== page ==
PhotoThe term 'robo-signing' became part of consumer vocabulary in 2010 when major mortgage lenders were accused of cutting corners on legal documents required in a foreclosure. Now, the state of Minnesota has come to terms with a debt collector it accused of doing much the same thing.

Minnesota Attorney General Lori Swanson last year sued Midland Funding, LLC, one of the country’s largest debt buyers, accusing it of filing unreliable “robo-signed” affidavits in collections lawsuits and sometimes targeting the wrong people for payment of old bills that it purchased from credit card companies and banks for pennies on the dollar.

All about respect

“This lawsuit was about respect for the legal system," Swanson said. "In its rush to quickly collect old debts that it purchased for just a few pennies on the dollar, the company ignored legal requirements designed to protect the rights of an individual in court.”

In a settlement with the state, Midland has agreed to change a number of its business practices, including providing individuals with proof of the debt before filing a lawsuit. If an individual indicates that he or she doesn’t owe the money, Midland must investigate the matter and, if it cannot substantiate the debt, close the account.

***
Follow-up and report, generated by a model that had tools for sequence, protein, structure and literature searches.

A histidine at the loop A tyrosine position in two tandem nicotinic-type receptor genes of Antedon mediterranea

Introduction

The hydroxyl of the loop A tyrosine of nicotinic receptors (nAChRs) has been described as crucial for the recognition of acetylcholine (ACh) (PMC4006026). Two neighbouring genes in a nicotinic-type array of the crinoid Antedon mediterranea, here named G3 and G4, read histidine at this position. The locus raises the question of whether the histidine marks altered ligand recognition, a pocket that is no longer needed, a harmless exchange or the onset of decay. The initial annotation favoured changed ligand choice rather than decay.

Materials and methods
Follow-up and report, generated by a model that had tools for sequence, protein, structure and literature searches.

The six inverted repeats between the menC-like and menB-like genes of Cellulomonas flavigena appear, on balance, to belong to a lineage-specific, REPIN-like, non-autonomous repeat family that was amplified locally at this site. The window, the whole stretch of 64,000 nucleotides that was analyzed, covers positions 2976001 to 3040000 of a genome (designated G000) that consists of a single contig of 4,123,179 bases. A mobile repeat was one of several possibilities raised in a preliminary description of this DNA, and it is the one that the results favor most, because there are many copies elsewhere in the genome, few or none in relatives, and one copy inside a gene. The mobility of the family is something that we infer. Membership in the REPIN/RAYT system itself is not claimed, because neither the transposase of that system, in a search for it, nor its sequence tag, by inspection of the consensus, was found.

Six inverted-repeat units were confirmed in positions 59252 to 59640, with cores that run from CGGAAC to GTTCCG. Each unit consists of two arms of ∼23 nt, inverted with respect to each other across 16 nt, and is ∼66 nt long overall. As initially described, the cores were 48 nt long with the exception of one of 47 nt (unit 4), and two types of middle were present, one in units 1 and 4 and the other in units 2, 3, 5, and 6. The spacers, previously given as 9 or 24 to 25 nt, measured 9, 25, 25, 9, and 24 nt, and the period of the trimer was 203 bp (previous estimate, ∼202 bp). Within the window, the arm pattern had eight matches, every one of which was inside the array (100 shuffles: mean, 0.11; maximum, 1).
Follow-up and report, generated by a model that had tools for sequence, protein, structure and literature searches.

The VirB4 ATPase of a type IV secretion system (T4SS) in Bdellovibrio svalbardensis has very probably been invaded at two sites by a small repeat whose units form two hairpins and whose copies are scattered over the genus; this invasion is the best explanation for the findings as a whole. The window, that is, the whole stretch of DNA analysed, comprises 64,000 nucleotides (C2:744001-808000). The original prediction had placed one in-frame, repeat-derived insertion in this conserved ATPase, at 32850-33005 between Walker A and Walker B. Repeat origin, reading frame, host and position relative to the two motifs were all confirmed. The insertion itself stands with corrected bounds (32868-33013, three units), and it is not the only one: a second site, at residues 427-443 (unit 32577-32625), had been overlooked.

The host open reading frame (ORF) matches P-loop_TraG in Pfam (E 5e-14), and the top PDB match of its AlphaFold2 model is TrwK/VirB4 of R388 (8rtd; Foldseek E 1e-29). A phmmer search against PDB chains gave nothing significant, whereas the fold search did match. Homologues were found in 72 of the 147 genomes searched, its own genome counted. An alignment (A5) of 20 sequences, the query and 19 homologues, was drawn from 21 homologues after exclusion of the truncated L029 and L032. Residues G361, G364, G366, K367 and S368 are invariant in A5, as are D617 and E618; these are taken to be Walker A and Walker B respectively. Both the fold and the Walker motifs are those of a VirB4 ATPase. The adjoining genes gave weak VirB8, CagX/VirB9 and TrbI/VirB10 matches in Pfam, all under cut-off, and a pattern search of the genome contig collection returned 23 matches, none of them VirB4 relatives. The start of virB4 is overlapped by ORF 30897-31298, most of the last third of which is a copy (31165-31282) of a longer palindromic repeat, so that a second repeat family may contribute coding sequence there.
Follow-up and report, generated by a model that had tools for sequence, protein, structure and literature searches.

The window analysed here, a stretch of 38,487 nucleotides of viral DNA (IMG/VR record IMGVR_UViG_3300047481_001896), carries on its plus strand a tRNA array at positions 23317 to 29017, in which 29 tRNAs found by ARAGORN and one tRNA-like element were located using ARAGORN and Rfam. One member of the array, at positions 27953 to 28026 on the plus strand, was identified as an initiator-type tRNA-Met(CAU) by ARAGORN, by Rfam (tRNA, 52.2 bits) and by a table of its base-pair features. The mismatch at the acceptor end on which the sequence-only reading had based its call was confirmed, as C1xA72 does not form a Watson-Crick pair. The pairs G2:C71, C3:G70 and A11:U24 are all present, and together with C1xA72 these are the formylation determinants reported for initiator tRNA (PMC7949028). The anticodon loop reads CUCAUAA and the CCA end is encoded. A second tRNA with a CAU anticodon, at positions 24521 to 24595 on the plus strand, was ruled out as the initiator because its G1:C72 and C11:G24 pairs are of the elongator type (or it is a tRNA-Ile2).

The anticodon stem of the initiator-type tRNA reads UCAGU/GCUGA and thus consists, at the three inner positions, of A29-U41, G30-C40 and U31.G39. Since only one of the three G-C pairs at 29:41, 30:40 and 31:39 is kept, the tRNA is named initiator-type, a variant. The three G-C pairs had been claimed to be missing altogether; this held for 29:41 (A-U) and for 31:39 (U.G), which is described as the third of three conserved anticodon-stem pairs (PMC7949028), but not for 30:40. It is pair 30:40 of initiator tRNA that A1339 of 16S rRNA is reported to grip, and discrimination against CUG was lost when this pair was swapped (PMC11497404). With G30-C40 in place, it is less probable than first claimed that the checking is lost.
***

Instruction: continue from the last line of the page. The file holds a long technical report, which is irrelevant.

Midland buys old, charged-off debt from banks and credit card companies, including Bank of America,JP Morgan Chase, Citibank, Wells Fargo, from phone companies like Verizon Wireless, and from other debt buyers. Midland is one of the largest debt buyers in the country, Swanson said.

Unreliable documents

The attorney general's lawsuit claimed that Midland aggressively filed thousands of collections lawsuits against individuals in Minnesota courts, often supported by unreliable “robo-signed” affidavits generated at Midland’s St. Cloud, Minnesota offices.

Several Midland employees admitted in sworn testimony to signing up to 400 affidavits per day, either without reading them, without personal knowledge of their contents, or without verifying the accuracy of the information contained in them.

The state's lawsuit accused Midland employees of robo-signing hundreds of affidavits a day and falsely attested to have personal knowledge of their content, including the validity of the debt, the amount of the debt, the company’s ownership of the debt, and/or the documents giving rise to the debt, even though the employee did not have this knowledge and did not read the affidavit he or she signed.

Earlier this year West Virginia Attorney General Darrell McGraw filed suit against Midland Funding, making similar accusations. The National Consumer Law Center (NCLC) has estimated that one out of ten lawsuits filed by debt buyers are premised on bad or incorrect information.

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